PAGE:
The biometric data is stored as a complete data set and not as a hashed data set. Mr. Kefauver claims, if the biometric data is hashed, it would "make it useless in a globally-interoperable environment such as border control."
The fact is, if for example the fingerprint is not hashed, a duplicate physical fingerprint could be easily built from the image stored on the ePassport. A hashed value of this sensitive data would protect the biometric data against physical replications. Mr. Kefauver is not telling us why we should not be concerned about this.

His next argument is that all the scenarios we presented are based on
us seeing "these chip-based passports as a toy to be brought into the laboratory and made sport with on the basis of impractical and questionable scenarios, [...]".

However, this is the standard approach followed by well-established companies in the security industry for many years when auditing any system.

A specific scenario may be impractical or questionable today, but it might be realistic tomorrow and it is simply wrong to handle security issues this way. In essence, the history of IT security and systems teaches us, there is no impractical or questionable scenario. Just the opposite is true:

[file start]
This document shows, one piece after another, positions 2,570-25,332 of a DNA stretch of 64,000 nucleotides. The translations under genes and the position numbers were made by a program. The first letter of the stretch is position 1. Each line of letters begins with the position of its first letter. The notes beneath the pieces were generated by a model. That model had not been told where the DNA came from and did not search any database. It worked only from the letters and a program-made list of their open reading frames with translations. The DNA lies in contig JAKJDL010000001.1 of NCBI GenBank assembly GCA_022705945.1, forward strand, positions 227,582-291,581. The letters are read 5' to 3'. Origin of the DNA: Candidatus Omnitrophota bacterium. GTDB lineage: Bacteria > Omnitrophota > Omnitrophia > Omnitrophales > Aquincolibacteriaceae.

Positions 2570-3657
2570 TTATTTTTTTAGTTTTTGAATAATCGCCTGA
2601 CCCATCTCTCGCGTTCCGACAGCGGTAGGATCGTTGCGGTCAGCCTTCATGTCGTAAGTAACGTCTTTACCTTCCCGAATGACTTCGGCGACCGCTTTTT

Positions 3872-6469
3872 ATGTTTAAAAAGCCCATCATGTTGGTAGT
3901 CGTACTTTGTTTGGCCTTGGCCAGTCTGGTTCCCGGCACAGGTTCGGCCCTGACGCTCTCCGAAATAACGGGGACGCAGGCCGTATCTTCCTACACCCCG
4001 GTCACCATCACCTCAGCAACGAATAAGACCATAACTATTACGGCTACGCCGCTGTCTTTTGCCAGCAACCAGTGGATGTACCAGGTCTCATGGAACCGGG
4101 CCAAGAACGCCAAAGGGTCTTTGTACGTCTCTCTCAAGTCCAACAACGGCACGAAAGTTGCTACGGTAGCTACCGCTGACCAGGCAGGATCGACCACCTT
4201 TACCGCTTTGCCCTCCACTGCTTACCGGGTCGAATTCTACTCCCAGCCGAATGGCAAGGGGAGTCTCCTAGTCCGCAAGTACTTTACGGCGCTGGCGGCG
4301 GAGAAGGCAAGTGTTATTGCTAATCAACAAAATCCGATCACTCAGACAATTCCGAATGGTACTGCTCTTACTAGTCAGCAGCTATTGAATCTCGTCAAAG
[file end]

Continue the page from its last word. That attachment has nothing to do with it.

Typically there are more scenarios to be found in the real world that will break a given system than could ever be detected or anticipated in a laboratory environment.

In the interesting part of the interview, where Mr. Kefauver is asked about the security features of the chip, his statements avoid the core of the problem. Instead he repeatedly points out that the print features will protect the chip.

From our point of view, Mr. Kefauver does not understand that the use of the ePassport opens a public channel into the inspection system including the computer systems at border control. Thus, malicious data injected into an official passport could find its way into those systems when the passport is presented there.

"The fact is that the genre of chip used for inventory control and the 14443 chip used in passports are completely different technologies [...]".